Welcome to Monday Musings! These are are shorter-form, note-like blog posts that I share that may or may not be related to VR/AR, but that I want to share some quick thoughts on, get some extra insight on, or share out quickly.
This week, I’m going to share a weird, yet oddly entertaining and educational experience that I had in VR the other day. I had brought my GearVR into the office to play Keep Talking and Nobody Explodes (best way to end the week!) and spent a little bit of time just playing around with the Oculus app. I discovered the camera pass through feature, and decided to see what it would feel like to go about my day.
I’ll be the first to admit that this isn’t a traditional virtual or mixed reality type of experience, but I was absolutely fascinated by how quickly my brain managed to adapt to the different way of seeing the world. Even at almost 25, it seems the elasticity of my brain allows me to swap between two mildly different frames of reference in viewing the world with minimal overhead.
Virtual Reality for Physical and Motor Rehabilitation, in Virtual Reality Technologies for Health and Clinical Applications (Cheung, Tunik, Adomovich 2014) [PDF Download] investigated how virtual reality technologies can be used for motor rehabilitation in patients, which got me thinking about what’s going on in my brain as I use these technologies. Fully immersive VR definitely gives my brain a little dose of “hmm, something’s off right now,” but as I mentioned earlier – I was really impressed how after just a couple of minutes using the camera pass through I was completely functional in the world as if I wasn’t having my depth perception distorted at all.
In the video above, I’m reviewing one of The Napping Kat’s blog posts through the eyes of my Samsung Galaxy S6. Before I worked on that, though, I was walking around the office, practicing opening doors and giving high fives. Within a few minutes, my brain had adjusted to the constant refocusing and lack of peripheral vision, and made the minor adjustments required to be able to use my fine motor skills even though my “eyes” were seeing the world offset by several inches.
I’m not going to lie and say that I didn’t feel any motion sickness, but it was quite startling to me how little it was – almost as though my brain was hesitant to declare anything totally wrong. It was certainly manageable. I’ve written about my experiences with VR motion sickness in a previous Monday Musing post, and this was the first time I was able to shut down MR-induced motion sickness the way I can adapt to real-world sickness: another sign that my brain seems to be moving on the path of losing too much of a distinction between digital and real-world triggers.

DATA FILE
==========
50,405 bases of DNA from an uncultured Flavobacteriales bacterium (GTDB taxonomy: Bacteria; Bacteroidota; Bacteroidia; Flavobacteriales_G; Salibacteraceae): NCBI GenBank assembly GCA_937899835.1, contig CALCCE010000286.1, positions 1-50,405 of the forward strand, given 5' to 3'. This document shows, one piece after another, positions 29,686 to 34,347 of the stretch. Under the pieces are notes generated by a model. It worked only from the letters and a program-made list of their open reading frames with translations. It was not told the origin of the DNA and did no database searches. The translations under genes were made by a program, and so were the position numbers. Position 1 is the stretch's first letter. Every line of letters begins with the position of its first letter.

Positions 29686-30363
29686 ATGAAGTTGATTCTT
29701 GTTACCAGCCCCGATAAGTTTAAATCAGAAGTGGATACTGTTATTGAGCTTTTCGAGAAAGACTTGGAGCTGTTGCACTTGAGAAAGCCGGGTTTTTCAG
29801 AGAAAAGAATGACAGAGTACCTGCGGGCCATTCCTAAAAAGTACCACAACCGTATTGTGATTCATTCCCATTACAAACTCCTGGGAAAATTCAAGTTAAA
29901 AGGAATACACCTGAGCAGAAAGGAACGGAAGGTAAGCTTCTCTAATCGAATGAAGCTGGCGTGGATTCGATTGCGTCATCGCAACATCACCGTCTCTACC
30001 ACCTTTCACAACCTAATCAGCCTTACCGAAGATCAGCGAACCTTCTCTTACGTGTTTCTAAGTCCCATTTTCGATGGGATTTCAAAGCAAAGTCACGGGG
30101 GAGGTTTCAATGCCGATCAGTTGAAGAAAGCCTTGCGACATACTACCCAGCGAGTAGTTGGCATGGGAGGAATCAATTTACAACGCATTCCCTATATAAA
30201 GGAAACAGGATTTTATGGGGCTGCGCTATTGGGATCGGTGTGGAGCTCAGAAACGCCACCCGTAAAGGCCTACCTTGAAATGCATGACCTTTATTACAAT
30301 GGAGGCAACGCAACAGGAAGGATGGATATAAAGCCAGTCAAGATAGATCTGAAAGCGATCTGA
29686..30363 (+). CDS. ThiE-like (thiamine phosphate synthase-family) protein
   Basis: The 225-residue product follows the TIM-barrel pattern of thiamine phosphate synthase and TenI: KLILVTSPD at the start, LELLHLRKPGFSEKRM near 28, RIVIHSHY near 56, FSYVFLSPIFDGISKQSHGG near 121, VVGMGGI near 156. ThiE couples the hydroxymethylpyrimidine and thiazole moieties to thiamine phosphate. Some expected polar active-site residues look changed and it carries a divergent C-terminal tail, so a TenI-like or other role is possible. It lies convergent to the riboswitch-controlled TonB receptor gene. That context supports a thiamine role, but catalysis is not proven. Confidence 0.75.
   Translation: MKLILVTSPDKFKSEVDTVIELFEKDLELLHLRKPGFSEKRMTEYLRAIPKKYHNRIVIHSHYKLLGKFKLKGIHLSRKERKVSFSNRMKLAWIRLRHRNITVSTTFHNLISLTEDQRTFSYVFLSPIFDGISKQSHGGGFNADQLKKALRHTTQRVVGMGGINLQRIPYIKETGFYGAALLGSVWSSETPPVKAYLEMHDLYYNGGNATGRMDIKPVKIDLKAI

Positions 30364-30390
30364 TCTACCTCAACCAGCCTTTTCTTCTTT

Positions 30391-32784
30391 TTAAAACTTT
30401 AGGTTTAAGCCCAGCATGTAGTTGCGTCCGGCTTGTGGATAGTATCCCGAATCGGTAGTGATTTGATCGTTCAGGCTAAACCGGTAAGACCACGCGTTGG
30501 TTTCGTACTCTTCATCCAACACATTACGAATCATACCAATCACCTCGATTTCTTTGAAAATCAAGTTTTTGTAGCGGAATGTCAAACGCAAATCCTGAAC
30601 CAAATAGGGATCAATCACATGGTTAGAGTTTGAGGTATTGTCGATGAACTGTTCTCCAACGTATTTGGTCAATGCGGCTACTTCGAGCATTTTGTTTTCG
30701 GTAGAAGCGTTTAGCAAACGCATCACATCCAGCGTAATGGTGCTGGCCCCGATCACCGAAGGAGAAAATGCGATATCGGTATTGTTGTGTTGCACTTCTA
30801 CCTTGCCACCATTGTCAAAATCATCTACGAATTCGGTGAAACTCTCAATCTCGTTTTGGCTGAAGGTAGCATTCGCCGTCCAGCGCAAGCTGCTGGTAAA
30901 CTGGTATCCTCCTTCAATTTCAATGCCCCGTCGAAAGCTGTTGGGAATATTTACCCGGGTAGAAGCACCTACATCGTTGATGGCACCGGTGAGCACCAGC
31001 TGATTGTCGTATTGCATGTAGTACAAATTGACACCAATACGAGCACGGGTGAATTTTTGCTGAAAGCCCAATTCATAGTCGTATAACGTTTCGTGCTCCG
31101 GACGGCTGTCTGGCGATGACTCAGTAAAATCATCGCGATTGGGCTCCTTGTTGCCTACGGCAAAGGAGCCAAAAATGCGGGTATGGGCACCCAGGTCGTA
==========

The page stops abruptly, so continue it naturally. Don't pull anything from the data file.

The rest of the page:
Overall, the experience was definitely interesting – though I’ve tried using camera pass through in other devices before, this was the first time I stayed in it for a significant amount of time (I’d estimate about half an hour, consecutive) and tried a relatively strenuous task (reading on a computer screen) – the results were oddly positive.
I’m really curious about how this might be changing my brain over a longer period of time, and I’m really looking forward to seeing these analyses come as more research is done. After taking off the headset, I felt an odd detachment from my quieter mixed reality world – my eyes took a second to readjust to the expansion of my peripheral vision, but I appreciated the higher resolution and lack of lag that natural vision allowed. Still, a part of me did enjoy the filter between the physical world and the digital one, which allowed me to focus only on smaller tasks at a time – I am incredibly excited to see what sort of mixed reality experiences begin to emerge that take full advantage of the technology to give our brains a chance to play.